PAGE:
XBMC is an amazing media centre application that offers more power and customisation options than any commercial media centre. As awesome as it is, you can further enhance XBMC by using the right remote software for your laptop, iPod or other gear.
XBMC, thanks to being open source and having a broad community of developers and enthusiasts, has an ample supple of plug-ins, add-ons, tweaks, skins, and the focus of our interest today: remote control software. We’re going to start off by highlighting the built-in tools you might not be aware of and then covering third-party tools that offer you additional remote-control abilities.
If you don’t have a copy of XBMC you’ll definitely want to check out our guides to installing XBMC on your original Xbox, how to run it off a Mac, install it on a flash drive, and how to build your own silent standalone XBMC.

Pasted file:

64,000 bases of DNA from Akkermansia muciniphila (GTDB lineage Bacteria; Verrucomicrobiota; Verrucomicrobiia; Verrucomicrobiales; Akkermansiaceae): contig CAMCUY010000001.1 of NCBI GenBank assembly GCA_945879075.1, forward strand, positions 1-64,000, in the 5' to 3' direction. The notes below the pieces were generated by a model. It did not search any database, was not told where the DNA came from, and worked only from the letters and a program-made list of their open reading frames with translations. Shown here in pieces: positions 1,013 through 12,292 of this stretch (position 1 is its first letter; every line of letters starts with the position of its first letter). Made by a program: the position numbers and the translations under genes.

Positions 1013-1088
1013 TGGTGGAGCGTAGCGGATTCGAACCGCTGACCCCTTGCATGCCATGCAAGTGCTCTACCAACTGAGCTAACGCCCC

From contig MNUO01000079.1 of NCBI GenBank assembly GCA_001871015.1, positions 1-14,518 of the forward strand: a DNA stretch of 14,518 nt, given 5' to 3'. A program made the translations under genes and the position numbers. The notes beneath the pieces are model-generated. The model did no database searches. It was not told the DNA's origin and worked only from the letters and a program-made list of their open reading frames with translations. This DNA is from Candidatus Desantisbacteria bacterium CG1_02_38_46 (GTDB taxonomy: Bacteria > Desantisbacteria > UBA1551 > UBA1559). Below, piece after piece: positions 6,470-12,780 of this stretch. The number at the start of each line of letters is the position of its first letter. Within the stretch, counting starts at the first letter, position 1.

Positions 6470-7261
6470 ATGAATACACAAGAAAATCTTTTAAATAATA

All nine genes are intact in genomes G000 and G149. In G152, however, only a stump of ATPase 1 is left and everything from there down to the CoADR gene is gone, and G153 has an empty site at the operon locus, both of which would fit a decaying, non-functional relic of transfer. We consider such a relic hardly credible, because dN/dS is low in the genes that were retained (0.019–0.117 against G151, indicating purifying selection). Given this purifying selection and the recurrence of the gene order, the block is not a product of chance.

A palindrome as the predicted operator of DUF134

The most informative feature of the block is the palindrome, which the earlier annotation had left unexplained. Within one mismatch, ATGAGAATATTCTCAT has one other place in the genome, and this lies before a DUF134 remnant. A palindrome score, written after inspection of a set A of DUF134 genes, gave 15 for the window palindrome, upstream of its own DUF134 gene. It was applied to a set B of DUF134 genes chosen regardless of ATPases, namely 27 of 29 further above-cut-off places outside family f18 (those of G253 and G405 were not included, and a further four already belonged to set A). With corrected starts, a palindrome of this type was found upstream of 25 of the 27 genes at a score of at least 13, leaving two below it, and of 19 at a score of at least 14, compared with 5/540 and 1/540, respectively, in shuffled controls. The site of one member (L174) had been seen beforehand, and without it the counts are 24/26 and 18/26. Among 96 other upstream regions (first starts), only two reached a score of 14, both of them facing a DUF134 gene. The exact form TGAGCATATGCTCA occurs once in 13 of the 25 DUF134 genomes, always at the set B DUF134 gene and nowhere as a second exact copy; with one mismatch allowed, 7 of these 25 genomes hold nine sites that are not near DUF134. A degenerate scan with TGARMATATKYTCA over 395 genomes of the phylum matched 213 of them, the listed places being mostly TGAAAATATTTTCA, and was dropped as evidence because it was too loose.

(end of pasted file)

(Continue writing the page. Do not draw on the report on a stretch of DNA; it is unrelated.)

Configuring and Using XBMC’s Built-In Remote Control
Most people install XBMC and start enjoying it without a doing much rooting around under the hood. XBMC has a great, if a bit dated looking, web-based remote control software installed by default. The web interface is handy for more than a few reasons, but it’s particularly handy if you don’t have a keyboard hooked up to your Xbox or XBMC computer but you do have a nearby computer, laptop or netbook.
Configuration is simple. Fire up XBMC and navigate to System -> Network -> Services. Check the radial box that says “Allow Control of XBMC via HTTP”. You can configure the port, username and password if you plan on accessing XBMC from outside your home network. Since I only use remote software from inside my home and on my home network I haven’t bothered to secure XBMC — but who knows? Maybe you like to screw with your roommates by changing the playlist from your office.
Once you’ve configured XBMC for remote web access you can point any browser — make sure if you’re running XBMC in Windows that you granted XBMC access through the Windows firewall — to http://YourXBMCIPaddress/ and you should see something that looks like image below: